by: Mark Leong

CATALOG is honoured to have the opportunity to speak to Boedi about his latest installation - "Path. 6, Unpacking My Library".

Hello again, Boedi! It’s been a while since we’ve talked to you. What has been happening for you lately?

Hello Catalog! It’s been a crazy full year. After my solo “Drawing Cage” in The U Factory, Gillman Barracks at the Singapore Art Week, I spent a month in an artist residency in a medieval village in Southwest France.

It was surrounded by caves containing prehistoric drawings. The village stone walls date back to the Middle Ages, some are thousands of years old and the “newer” ones easily 300-400 years old.

I made frottages of the wall textures, to create a new work titled “Wall Paper”, which compares wall surfaces from Singapore and Caylus to suggest insights into history and modernity. The work was shown in a group exhibition called “A Drawing Show” at Yeo Workshop, Gillman Barracks.

My ongoing solo “Path. 6, Unpacking my Library。书城”, commissioned by Esplanade and supported by Canon, is a highlight. It is by far the largest instalment in the Path. series, consisting of installations, live art and public events. The exhibition runs till 4th Jan 2015.   


What is the inspiration behind this particular installation?

While moving studios recently, I had to pack/unpack my books. Through the dust and tedium of handling them, I realised that every book conjured up complicated memories of Bras Basah Complex.

From a young age, I was sent to study in Singapore apart from my parents, due to ethnic tensions in my hometown. Whenever my father visited us during the week-long school break, we would hang out in the Chinese bookstores at Bras Basah Complex. Bras Basah became a place of both the joy of reunion and the dread of departure.

“Path. 6” is my way of engaging with this problematic childhood memory, first by materializing it, and then marking it - a transformative gesture to recast a past so as to affect the present and future.


Why did you choose to title your installation “Unpacking my Library”, and why books?

There are two parts to the exhibition title. “Unpacking my Library” is taken directly from Walter Benjamin’s essay, in which he wrote about the joys of a bibliophile. I was particularly drawn to Benjamin’s tactile process of remembering. It suggested an idea - that there is more to a printed book than its function of presenting content, its materiality also being a repository for personal stories, memories and emotions that the owner could access viscerally.  Bookending the title is “书城”, Chinese for “Books City” and also a nickname of Bras Basah Complex. I remember being overwhelmed by the shelves and stacks of books in Bras Basah, towering and almost toppling.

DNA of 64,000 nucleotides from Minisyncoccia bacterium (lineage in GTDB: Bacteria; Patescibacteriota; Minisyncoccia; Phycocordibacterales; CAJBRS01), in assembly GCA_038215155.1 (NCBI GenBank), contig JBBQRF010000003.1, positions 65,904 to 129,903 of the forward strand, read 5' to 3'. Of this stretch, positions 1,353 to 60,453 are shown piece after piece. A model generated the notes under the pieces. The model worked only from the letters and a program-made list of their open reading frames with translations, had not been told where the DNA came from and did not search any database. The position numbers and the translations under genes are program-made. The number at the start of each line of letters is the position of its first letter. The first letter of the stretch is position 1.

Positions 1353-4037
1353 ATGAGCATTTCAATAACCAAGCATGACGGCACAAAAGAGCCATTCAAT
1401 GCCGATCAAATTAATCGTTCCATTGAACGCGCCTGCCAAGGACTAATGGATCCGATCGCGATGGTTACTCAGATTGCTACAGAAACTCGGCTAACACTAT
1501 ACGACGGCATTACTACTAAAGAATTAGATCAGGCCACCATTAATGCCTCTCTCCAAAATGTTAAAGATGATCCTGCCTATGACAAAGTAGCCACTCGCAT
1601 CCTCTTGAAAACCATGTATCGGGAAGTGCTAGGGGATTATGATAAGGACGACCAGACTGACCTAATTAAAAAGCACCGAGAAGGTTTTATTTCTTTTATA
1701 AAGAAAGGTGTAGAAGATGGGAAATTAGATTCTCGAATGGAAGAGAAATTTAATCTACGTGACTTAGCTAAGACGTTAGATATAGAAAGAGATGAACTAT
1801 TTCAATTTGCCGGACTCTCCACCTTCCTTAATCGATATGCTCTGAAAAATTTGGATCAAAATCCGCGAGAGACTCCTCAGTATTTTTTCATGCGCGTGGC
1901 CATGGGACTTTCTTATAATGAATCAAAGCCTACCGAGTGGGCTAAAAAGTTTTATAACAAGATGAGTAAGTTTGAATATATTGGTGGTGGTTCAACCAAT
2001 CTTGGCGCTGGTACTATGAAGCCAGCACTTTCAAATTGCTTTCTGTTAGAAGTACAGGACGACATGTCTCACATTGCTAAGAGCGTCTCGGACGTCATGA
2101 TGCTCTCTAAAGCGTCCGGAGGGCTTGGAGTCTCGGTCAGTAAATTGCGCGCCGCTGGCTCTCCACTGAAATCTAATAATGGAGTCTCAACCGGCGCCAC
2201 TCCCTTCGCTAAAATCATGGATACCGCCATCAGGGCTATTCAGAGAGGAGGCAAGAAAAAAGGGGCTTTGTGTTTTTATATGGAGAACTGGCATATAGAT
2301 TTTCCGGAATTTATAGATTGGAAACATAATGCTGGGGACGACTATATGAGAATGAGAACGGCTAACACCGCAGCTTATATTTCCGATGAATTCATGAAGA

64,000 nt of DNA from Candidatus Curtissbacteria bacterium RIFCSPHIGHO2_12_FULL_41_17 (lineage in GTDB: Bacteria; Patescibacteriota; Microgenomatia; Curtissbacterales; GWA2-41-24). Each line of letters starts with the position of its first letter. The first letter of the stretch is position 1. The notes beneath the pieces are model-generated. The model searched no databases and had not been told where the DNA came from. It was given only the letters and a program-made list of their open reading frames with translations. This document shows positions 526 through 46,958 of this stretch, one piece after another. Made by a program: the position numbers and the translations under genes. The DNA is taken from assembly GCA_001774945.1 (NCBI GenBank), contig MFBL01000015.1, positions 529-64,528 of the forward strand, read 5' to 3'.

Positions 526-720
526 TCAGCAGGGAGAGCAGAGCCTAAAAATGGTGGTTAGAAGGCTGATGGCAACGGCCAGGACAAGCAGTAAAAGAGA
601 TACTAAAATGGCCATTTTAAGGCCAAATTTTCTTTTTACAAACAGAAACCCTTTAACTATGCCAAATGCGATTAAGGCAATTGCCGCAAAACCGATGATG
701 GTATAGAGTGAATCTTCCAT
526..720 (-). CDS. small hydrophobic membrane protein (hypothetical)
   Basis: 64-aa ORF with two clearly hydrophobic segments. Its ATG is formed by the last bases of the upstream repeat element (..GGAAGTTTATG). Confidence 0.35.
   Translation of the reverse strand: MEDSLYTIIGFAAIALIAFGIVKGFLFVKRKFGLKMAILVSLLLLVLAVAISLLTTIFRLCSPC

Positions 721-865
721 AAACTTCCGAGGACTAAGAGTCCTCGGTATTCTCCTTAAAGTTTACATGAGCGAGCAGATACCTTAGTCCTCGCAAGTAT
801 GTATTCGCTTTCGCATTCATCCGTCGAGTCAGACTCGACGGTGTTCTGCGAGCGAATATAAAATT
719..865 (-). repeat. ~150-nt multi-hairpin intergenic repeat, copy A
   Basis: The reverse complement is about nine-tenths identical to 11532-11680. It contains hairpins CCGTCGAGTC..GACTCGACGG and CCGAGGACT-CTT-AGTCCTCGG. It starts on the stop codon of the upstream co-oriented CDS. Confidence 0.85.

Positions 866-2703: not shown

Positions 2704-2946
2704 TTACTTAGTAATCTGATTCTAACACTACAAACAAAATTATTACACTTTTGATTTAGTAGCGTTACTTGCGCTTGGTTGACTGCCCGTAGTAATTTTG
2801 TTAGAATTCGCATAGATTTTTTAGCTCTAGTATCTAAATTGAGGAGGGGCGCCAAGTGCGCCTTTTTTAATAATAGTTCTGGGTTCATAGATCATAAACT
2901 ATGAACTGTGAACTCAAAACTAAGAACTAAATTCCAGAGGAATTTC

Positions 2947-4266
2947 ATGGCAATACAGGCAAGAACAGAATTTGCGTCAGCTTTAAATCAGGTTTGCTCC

These elements – books, bookshelves and architecture – found their respective expressions in the three installations at the exhibition.

The first installation comprised of more than 350 books individually canvas-wrapped and marked, arranged in rows similar to the book bargain tables commonly seen in Bras Basah.

The second installation is made of re-configured bookshelves with multiple points of access.

In the last installation, I used Canon XEED WUX5000 to projection map onto a corner wall, an area measuring 5 x 2.8m – a video within a video. The first video had my father reading to me a book at Bras Basah. The second video, which also contained the first video through projection, had my daughter and I excavating cemented books at the same spot in the gallery that the audience is standing.  The installation’s title is 《重见》, Chinese for re-seeing and also a homonym for re-building. I wanted to explore the aural potency of books (through the simple act of reading), and the possibilities in re-perceiving.


What is the future ahead for the Path series?

I will continue to make and show new works along this series. There are many unresolved memories that still require excavation and expression. Seeking and defining identities is an ongoing process. I see the potential for the “Path.” series to track and record how my concerns evolve over time. Interestingly, I’ve had feedback that “Path. 6” seems less agitated than the earlier ones.


How do you feel about being the representative featured artist of Singapore in the ArtReview FutureGreats Asia 2014?

I am honoured to be one of the eleven Asian artists featured on the list! While it is a personal encouragement, the feature points strongly at the growing opportunities given to Singapore-based artists. Place and context remain significant considerations even in our hyper-connected world. As more Singapore-based artists, curators and art writers gain regional and international accolades and exposure, all of us will get to benefit. 


Boedi's latest art instalment of the Path Series - "Path. 6 - Unpacking My Library" will run till 4 January 2015 at the Esplanade.